Wash. – As summer quickly approaches, outdoor workers will experience hot weather conditions and possibly wildfire smoke. The Department of Labor and Industries decided to take action to try to protect these workers throughout the summer.
Starting on June 15 and going through September, employers will be required to follow the rules set in place for temperatures 89 degrees or higher. The requirements include providing enough water for workers to drink one quart every hour, 10 minute breaks every two hours, and enough shade for all workers on break at any given time.
In a press release, the United Farm Workers Foundation PNW Energy Relief Organizer Briseida Chavez said heat standards save lives.
“They also help create better working conditions for workers who already face a life of difficult working conditions. It is vital that the standards are enforced in the workplace, otherwise, workers will continue to risk their lives and succumb to heat illness that can easily be prevented.”
Employers will also be required to follow wildfire smoke requirements. If the Air Quality Index is at 69, they must reduce, reschedule or relocate work. The employer must also provide an area with filtered air and reduce the work intensity or increase breaks.
If the AQI reaches 101, employers must provide respirators for voluntary use—an increase in protection from last year’s wildfire smoke rule.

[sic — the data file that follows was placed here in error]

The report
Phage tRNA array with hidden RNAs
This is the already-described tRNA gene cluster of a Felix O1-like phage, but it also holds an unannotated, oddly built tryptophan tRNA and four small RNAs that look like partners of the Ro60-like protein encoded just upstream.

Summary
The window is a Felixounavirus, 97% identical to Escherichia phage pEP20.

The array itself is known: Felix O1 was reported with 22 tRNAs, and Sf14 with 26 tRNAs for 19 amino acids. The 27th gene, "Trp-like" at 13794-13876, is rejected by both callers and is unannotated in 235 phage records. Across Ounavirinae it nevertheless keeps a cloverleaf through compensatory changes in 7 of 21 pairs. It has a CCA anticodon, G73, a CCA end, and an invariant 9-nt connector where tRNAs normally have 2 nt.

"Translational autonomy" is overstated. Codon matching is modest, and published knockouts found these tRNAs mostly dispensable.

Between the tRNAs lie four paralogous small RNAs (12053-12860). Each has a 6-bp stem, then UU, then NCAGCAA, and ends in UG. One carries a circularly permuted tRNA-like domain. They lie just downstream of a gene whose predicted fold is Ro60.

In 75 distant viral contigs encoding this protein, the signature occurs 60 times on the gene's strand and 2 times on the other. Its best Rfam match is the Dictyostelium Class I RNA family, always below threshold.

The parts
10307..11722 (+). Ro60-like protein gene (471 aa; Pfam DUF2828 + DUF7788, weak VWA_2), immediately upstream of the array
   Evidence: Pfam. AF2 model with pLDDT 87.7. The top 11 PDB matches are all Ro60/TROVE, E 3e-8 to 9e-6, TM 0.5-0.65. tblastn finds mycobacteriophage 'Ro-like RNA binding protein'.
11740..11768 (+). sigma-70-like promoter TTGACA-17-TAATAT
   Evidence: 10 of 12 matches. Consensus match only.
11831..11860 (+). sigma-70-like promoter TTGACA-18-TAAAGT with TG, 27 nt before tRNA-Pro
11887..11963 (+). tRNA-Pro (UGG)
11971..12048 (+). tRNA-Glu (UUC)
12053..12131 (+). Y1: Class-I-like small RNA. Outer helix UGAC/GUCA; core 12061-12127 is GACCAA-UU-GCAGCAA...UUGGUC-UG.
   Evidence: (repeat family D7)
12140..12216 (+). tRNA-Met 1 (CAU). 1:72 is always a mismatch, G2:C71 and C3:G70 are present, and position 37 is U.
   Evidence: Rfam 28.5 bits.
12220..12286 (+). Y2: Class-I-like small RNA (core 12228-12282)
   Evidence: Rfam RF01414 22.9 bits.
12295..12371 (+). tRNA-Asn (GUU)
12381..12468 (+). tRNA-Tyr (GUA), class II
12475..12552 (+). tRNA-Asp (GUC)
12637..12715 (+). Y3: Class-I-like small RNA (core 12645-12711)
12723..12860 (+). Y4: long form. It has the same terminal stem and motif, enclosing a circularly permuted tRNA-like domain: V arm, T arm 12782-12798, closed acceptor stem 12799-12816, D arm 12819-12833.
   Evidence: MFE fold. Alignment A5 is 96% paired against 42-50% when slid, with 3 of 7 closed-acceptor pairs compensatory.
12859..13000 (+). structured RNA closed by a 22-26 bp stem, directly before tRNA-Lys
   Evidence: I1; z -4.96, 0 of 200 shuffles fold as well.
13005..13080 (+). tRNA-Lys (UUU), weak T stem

Employees are required to wear more protective respirators when particulates from wildfire smoke are measured at 555 micro-grams per cubic meter (μg/m3) or higher, a level extremely dangerous and rare.
According to a spokesperson for LNI, Matt Ross, working smokey conditions is a big risk to people’s health.
“We know the exposure to wildfire smoke and in particular the tiny little particles that you breathe into your lungs from the wildfire smoke we know that those are a hazard,” Ross said.
According to farm worker Fortino Lopez, when smoke gets bad, he is stopped from working. Lopez said he gets more protection than others might because he works through a union. This applies to both hot and smokey conditions.
“In other places, other ranches, they barley give them water and they keep the bathrooms really far away,” Lopez said.
Ross said they are also encouraging employers to be considerate to more vulnerable workers.
“We are encouraging employers to take that into account and to give those folks the help that they need, the assistance that they need even if the AQI doesn’t reach the levels where our requirements kick in,” Ross said.
Ross said LNI is working to make these protections permanent.
Lopez said while this is a small victory for farm workers, he would like to see more changes.
“I’d like them to give us masks all the time, they only give them to us when there’s a danger like smoke but not all the time and when you’re working with grapes they have a lot of chemicals and dust,” Lopez said.
If you’d like to learn more about outdoor worker’s rights click HERE.
Article Source: Fox 11